The markets regulator Securities and Exchange Board of India (SEBI) has allowed the stock markets to introduce T+1 settlement cycle from next year onwards. As of now, it takes T+2 to transfer the money and shares after a transaction.
Since Indian stock markets follow the T+2 settlement cycle, the sellers of shares do not expect payment within two days after the transaction.
In the first week of September 2021, SEBI announced that the stock markets can voluntarily follow the T+1 settlement cycle from next year. The markets regulator has also announced that the stock markets must give one month’s notice before introducing the shift in settlement from T+2 to T+1. The exchanges are also expected to publicise the change on their website.
What is T+2?
In case of stock market trading, it is important to know two dates: transaction date and settlement date. On the transaction date, a buyer buys stocks from a seller and makes the payment. However, the actual transfer of shares takes a total of two days, thus pushing the settlement of trade by two days, also known as T+2.
In other words, if a trader buys stocks on Wednesday, they will become the shareholder only on Friday, i.e. two days after the transaction. After the T+2 period is shortened to T+1, the settlement will take just one business day.
For example, when an investor buys 100 shares of Asian Paints on Monday, he will not become a shareholder that day itself. Although his broker will debit the account on Monday, he will become a shareholder on Wednesday, i.e. two business days after the transaction takes place. After the new rules are introduced — the investor will become a shareholder and the seller will receive the money on Tuesday itself, i.e. only one business day after the transaction.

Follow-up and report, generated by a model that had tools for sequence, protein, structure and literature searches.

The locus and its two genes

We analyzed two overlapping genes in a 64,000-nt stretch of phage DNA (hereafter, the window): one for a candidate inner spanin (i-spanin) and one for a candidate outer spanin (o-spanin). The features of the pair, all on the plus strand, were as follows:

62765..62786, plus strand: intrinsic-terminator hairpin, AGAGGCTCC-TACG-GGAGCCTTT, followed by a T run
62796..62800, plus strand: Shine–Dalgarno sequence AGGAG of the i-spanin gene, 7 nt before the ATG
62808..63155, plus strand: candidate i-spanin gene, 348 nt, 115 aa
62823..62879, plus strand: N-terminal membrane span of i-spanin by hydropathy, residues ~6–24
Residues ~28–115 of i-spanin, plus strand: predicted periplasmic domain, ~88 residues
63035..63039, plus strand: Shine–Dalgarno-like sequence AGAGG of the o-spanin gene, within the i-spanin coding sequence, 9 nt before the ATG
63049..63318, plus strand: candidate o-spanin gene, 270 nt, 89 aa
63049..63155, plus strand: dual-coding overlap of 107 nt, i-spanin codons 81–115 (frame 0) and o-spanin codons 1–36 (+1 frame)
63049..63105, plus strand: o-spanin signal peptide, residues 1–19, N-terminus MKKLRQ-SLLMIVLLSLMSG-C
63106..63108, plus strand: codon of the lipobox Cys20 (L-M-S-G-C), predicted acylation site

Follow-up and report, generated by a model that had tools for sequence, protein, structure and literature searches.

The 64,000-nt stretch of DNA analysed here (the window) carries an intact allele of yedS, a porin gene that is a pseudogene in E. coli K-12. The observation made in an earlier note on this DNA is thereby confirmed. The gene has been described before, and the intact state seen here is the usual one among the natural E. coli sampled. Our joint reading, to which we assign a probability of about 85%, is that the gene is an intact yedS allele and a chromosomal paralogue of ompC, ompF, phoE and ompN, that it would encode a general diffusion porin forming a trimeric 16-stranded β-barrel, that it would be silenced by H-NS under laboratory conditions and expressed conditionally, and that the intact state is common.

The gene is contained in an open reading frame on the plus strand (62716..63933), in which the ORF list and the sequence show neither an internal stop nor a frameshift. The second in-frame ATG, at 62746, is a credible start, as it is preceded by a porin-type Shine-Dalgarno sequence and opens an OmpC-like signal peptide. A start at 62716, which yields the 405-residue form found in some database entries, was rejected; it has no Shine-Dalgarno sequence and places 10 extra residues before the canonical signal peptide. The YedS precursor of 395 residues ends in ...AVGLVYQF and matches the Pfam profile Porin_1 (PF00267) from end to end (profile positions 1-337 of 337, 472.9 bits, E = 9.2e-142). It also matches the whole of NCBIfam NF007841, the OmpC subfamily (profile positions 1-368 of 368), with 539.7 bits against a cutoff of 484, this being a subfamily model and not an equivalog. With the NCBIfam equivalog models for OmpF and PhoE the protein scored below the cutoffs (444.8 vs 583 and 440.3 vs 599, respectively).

Before introducing this change, SEBI sought suggestions from various stakeholders such as stock exchanges, depositories and clearing corporations.
To put the new systems in place, all these institutions were instructed to roll out necessary changes to their rules, bye laws and technology. It is important to note that the change is voluntary and the stock markets are not mandated to introduce it.
The new rules that are in the pipeline are believed to be the need of the hour. The stock brokers and financial technology firms have been pushing for some time to bring this change to allow a faster turnaround.